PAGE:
As a child, a refugee child,
My Mama taught me Caution.
Run from the marauders of the streets,
Especially those carrying guns
Beyond their natural height.
Run from machete wielding persona.
Run from The Toothless Angered,
They’re mastered by the powers du jour.
Run for dear life.
If speed is of essence,
Drop your school books upon the dusty path,
Make it home,
To your Mama’s anxious arms.
Pray you do,
And live another hour
As a child, an American child,
The ghosts of yonder history hovered.
Waiting their turn to fully manifest,
My Mama taught me,
Before I was double digits,
To be cautious out there.
The marauders, the ghosts, the egregious,
The Toothless Angered
Will menace my being.
Don’t run for dear life.
Learn to stay still
There is nowhere to run.
Nowhere to stay still,
Except in shocked death.
No school books dropped on a dusty road,
They lay stained in unrequited blood along the school hallway.
Bullet strewn sidewalks splatter my paths.
The Toothless Angered
Are again mastered,
The daily Puppets of Avarice
Sanctuary is a scarcity in my universe
While The Toothless Angered,
With ample, unjustified impunity,
Continue to menace my being.
Pray I make it home Today, and all Tomorrows,
To my Mama’s anxious arms,
So I can hug her.
And just once, of many more, say
I love you Always
The wrenching ritual has become all too familiar to President Obama. His armored limousine deposits him at a nondescript building big enough to hold a large number of families whose loved ones have died in a mass shooting somewhere in America. Away from the news cameras that normally track his every interaction, he enters rooms thick with grief and the hushed voices of people in shock. He grasps for words of sympathy, comfort and condolence and offers long, tight embraces that the mourners will remember far more vividly than his words. Mr. Obama will travel to Orlando, Fla., on Thursday for the latest round of mass consoling, four days after a gunman killed 49 people and wounded 53 at a gay nightclub in the deadliest mass shooting in American history. “He hugged each one of us individually — and I mean hug, so that I was able to smell his cologne,” said Sharon Risher, 57, who lost her mother,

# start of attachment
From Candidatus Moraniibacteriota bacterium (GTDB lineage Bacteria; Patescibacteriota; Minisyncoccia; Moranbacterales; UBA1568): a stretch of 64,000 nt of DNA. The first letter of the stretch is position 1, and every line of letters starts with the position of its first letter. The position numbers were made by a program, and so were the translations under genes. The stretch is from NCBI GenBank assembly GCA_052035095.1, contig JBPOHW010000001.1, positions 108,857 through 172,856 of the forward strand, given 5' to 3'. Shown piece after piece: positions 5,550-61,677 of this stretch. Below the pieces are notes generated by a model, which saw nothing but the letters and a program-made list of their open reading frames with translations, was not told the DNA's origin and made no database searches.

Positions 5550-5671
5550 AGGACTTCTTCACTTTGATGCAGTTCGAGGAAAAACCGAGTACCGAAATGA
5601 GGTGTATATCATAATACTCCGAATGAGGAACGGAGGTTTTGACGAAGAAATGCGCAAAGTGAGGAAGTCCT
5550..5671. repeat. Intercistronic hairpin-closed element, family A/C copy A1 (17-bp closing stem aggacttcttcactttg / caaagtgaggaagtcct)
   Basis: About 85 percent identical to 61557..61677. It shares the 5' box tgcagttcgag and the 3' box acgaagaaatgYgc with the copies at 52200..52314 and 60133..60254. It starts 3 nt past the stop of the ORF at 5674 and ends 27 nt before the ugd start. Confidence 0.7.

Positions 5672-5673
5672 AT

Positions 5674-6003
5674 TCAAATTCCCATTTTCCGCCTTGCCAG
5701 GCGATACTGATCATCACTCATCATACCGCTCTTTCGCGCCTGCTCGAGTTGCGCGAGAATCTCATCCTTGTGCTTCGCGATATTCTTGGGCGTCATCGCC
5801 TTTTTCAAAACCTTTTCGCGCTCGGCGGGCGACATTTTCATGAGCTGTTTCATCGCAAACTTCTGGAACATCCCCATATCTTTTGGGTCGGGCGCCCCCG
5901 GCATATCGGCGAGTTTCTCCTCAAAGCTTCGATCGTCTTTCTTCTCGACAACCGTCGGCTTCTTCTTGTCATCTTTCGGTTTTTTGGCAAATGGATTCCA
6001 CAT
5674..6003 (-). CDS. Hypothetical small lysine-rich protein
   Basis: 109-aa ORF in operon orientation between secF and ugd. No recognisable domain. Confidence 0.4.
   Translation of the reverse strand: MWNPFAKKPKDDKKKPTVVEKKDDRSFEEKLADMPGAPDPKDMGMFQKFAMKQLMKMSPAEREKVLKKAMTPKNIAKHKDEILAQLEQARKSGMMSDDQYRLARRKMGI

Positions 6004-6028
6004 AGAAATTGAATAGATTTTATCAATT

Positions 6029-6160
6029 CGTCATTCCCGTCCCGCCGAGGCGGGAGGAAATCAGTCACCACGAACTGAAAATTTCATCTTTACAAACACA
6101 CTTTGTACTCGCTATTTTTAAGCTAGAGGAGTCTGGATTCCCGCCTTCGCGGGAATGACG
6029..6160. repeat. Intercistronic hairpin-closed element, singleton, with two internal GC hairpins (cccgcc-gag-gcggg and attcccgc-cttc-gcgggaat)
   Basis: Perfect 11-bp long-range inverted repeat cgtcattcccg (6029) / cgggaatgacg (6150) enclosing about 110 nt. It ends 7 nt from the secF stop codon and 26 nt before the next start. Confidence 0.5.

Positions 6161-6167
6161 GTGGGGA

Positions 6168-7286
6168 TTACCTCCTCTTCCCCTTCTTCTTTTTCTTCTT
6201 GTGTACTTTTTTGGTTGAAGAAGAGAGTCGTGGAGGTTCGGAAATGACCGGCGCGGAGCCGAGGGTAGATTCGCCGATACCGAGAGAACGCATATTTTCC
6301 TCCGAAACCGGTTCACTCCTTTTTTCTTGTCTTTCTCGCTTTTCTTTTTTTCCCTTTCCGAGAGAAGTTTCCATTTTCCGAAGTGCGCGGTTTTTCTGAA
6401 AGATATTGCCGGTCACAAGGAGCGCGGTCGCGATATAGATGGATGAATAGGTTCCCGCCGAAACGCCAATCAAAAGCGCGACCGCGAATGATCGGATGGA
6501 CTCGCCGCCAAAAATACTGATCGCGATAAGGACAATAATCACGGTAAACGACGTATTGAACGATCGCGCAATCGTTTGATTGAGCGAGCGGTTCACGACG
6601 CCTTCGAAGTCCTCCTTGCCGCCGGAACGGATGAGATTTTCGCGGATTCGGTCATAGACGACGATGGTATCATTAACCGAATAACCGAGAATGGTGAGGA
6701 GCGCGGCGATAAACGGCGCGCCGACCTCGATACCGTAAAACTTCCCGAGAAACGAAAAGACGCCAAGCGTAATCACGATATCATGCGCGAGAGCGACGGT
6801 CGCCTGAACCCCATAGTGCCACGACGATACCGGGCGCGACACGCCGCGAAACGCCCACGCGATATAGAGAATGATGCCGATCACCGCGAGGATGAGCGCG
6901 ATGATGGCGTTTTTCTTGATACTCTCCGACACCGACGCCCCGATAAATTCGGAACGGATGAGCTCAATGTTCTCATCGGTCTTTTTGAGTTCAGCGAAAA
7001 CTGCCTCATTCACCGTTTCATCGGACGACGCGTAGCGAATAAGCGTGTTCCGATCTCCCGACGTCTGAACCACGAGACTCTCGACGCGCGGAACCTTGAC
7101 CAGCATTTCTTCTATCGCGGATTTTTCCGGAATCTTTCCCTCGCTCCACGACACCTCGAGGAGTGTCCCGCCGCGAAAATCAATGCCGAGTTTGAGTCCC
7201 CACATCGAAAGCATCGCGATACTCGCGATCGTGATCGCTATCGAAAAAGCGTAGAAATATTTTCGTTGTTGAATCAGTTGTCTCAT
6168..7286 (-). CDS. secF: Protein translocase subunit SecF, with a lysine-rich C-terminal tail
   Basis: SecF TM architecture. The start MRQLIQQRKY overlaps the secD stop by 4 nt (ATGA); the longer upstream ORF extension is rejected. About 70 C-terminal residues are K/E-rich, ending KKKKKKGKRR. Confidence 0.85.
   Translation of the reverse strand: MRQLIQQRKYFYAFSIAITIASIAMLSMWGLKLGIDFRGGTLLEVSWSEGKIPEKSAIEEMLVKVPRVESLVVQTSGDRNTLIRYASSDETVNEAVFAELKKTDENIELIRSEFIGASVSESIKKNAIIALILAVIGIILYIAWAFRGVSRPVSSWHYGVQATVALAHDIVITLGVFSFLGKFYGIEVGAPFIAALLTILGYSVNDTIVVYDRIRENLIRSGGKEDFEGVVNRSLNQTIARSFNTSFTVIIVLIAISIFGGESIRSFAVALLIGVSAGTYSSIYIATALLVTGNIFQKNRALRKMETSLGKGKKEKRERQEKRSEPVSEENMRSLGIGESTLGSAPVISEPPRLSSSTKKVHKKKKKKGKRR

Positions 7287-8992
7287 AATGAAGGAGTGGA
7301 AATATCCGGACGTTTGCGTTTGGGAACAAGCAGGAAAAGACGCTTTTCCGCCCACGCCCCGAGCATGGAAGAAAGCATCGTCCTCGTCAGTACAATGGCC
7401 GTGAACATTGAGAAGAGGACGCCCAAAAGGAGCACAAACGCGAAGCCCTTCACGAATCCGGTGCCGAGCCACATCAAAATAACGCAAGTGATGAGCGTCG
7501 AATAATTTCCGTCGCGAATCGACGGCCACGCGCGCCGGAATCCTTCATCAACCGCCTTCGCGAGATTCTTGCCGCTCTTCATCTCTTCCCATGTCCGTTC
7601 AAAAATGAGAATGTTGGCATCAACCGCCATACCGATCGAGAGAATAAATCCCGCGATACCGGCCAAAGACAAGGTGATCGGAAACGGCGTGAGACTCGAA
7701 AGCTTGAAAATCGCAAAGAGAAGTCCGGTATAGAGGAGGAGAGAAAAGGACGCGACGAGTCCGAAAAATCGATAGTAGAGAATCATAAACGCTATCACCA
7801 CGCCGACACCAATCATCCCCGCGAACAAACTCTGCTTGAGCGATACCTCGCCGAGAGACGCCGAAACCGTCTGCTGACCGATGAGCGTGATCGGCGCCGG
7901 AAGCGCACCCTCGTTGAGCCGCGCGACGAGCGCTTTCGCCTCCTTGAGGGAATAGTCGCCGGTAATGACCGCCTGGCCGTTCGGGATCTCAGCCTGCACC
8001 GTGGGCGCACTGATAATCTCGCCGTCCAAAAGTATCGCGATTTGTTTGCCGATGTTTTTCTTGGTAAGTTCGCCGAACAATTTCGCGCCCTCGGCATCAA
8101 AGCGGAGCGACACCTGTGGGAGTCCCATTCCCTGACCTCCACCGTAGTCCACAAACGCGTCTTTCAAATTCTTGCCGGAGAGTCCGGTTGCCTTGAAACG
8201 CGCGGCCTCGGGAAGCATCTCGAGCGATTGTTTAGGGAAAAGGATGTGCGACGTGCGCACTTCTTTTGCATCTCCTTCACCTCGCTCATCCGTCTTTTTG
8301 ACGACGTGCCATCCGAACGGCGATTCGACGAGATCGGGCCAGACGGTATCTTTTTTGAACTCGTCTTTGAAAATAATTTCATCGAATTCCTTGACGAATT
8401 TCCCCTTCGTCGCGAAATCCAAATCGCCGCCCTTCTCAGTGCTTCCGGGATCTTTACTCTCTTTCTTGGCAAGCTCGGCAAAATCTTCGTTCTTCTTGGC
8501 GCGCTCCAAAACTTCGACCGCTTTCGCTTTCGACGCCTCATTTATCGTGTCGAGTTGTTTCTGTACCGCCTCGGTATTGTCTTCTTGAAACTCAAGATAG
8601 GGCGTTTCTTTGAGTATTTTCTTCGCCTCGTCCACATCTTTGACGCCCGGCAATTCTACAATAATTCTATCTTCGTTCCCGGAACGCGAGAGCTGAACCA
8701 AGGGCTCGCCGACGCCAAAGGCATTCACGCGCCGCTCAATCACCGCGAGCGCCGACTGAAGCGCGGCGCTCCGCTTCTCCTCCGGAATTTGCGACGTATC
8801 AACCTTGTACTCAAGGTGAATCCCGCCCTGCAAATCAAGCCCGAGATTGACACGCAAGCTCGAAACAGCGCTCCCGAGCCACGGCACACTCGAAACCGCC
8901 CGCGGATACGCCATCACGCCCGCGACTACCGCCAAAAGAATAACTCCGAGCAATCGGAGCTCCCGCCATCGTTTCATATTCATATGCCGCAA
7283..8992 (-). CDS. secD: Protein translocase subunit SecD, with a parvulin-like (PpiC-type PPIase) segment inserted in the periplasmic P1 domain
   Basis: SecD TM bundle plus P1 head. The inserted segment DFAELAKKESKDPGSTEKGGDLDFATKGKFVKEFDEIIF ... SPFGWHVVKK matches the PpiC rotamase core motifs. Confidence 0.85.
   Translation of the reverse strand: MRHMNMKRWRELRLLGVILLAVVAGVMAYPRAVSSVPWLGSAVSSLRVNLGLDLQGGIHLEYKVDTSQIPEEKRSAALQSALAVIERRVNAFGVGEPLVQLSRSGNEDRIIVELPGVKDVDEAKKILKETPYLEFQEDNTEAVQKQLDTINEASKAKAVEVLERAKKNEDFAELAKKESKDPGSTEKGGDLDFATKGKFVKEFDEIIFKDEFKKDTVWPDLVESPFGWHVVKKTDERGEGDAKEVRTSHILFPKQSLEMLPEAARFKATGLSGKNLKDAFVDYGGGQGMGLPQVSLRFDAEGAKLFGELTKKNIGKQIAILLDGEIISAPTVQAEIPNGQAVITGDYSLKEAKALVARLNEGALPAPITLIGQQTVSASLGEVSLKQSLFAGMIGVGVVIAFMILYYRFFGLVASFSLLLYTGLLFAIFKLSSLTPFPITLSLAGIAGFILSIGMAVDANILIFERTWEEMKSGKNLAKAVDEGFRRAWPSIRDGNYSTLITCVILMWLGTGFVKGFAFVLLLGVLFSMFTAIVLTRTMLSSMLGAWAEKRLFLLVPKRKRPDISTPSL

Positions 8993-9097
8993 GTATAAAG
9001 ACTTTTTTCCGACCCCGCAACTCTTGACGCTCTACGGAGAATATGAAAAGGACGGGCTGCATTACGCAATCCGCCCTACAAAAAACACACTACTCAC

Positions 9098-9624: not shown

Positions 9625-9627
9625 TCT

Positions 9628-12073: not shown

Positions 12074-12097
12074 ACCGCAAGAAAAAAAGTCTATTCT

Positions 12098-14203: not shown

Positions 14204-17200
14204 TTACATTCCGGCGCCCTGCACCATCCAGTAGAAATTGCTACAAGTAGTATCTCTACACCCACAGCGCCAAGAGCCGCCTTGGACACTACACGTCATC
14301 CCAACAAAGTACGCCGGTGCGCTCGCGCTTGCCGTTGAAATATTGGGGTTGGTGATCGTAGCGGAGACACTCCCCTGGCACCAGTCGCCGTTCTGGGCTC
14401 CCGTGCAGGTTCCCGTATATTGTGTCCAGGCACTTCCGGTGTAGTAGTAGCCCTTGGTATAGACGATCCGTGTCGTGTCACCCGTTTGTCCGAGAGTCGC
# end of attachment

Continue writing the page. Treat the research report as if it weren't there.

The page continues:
Ethel Lance, and two cousins in the shooting in Charleston, S.C., last year, and met privately with Mr. Obama the next week. “It was not a little pat on the back. The intimacy of that hug is what I’ll always remember.” Roxanna Green — whose 9-year-old daughter, Christina-Taylor Green, was one of six people killed in a 2011 shooting in a supermarket parking lot in Tuscon, Ariz., where Representative Gabrielle Giffords was holding an event — said she had campaigned for Mr. Obama with her daughter and mother and had often dreamed of meeting him. “But you never want to receive a visit like that from anybody,” Ms. Green, 50, said in an interview. “Their hugs were just long and genuine, like something you receive from a family member,” she said of Mr. and Mrs. Obama. “He said she was a beautiful girl, and he’s so sorry, and it was just a horrible loss and his girls are about the same age,” she recalled. “They were both very, very emotional. It was like it happened to someone in their family.”
First Lady Michelle Obama takes questions from children for Take Our Daughters and Sons to Work Day. The children of Executive Office employees and young people from Big Brothers Big Sisters of America, SchoolTalk and the D.C. Child and Family Services Agency asked questions about her pets, her favorite food (pizza), what she plans to do after leaving the White House and why she chose President Obama as her husband